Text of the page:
Overdeliver, says Seth. But who defines it?

The best way to generate word of mouth is simple: Overdeliver. See here. Who would disagree? But it’s not as easy as it sounds. Because successful ‘overdelivery’ is in the mind of the receiver, not the deliverer.

Remember the old joke about the girl and her dog. She stands over him and cries:

“Speak, Speak!!!”

At long last, the dog looks up at her and says, “What should I say?”

The call to over-deliver is a little like that. Yes yes! we cry. But what should we do?

If you’re selling product, do you give more than they paid for? If you offer an income opportunity, should they earn more than you promised? What is unexpected and special personal attention and service? Does everyone get it? Or just some? And if the customer doesn’t appreciate it, did you overdeliver or not?

What makes the overdeliver mantra hard is that it’s the reaction of the receiver – not the giver (=marketer) – that defines it.

Overdeliver. An agreed must have. But tricky when someone who’s not the giver, defines it.

Today is January 6, 2008. Is your language skill-set up to date? Learn how to talk so your audience connects and refers you. “If My Product’s So Great, How Come I Can’t Sell It?” Here. Center right. $17.95 immediate download or get a real book.

About the author

Kim Klaver


  • Dear Kim,

    In our current society, most customers would be elated if they just got what was expected. Sadly, under-delivering is as common as over-promising.

    Your questions are always probing. I can easily relate to this issue in one of my conventional businesses. By deliberately, but cautiously under-selling, the chore of over-delivering becomes much easier. However, when a salesperson pulls out all the stops and even throws in the “kitchen sink” to close the deal, he has built a big task for the fulfilment side of the business to perform. In the building industry we have a constant battle between the design element and the construction side. Yah, it looks wonderful on paper, but how the H do you build the darn thing in the real world for that budget?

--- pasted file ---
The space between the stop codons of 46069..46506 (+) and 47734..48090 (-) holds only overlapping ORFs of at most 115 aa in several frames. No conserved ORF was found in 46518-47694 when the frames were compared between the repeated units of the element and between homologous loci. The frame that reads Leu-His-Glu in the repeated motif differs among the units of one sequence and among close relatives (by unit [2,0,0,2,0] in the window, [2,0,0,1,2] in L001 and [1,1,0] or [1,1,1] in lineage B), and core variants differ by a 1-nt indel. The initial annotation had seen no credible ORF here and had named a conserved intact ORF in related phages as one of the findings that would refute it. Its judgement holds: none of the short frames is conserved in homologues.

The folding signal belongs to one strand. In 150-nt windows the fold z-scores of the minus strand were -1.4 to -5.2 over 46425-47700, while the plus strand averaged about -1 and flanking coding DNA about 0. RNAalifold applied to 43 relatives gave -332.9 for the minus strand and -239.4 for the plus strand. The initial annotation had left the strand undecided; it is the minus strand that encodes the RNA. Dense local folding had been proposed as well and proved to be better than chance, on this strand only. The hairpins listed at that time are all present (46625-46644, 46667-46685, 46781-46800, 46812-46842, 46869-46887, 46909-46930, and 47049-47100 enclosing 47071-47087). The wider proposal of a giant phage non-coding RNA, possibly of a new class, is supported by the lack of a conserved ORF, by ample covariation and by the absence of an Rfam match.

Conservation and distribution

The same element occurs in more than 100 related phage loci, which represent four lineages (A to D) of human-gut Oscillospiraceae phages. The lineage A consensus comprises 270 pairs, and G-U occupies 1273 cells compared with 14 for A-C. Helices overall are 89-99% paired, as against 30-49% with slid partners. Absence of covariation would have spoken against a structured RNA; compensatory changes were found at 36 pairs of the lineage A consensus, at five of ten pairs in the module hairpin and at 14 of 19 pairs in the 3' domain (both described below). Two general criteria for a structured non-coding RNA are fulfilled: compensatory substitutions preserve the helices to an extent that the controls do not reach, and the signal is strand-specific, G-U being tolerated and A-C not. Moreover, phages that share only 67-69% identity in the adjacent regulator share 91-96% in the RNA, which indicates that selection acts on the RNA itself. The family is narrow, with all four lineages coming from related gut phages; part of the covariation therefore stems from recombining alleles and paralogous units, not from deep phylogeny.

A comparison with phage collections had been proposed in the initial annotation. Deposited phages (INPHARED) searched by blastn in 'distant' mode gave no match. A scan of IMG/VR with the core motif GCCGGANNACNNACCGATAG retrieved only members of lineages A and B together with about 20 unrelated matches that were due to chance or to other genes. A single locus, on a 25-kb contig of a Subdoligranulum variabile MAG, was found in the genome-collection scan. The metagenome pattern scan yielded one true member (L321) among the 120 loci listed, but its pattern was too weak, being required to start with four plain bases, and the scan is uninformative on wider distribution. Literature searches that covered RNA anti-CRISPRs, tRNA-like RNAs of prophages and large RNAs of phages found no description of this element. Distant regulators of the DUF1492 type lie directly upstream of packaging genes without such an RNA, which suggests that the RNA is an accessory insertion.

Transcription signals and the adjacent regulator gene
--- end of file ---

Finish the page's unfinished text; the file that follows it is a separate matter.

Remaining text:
With New School Network Marketing, we are most often leading with a product. In most cases, we have little to nothing to do with the production, quality control, invoicing, and delivery. We do however have a budding relationship with this customer. This is where the temptation to mess up will be the strongest. Do we build the expectations too high? Again I say that the best assurance for over-delivery is to under-sell at the front end.

    Coffee, tea, or ?,
    Tom Doiron

    PS. Just wanted to add that for some people you could sacrifice your first born and they would still be unsatisfied. Better to learn how to spot those types early on and RUN!

  • I think the customer defines if our product overdelivers and that makes them come back over & over again. I have customers who have been ordering my daily herbal cleansing tea for 18 years.

    Keeping with what Seth & the New School teaching over delivering & no promises… I market my product simply by saying…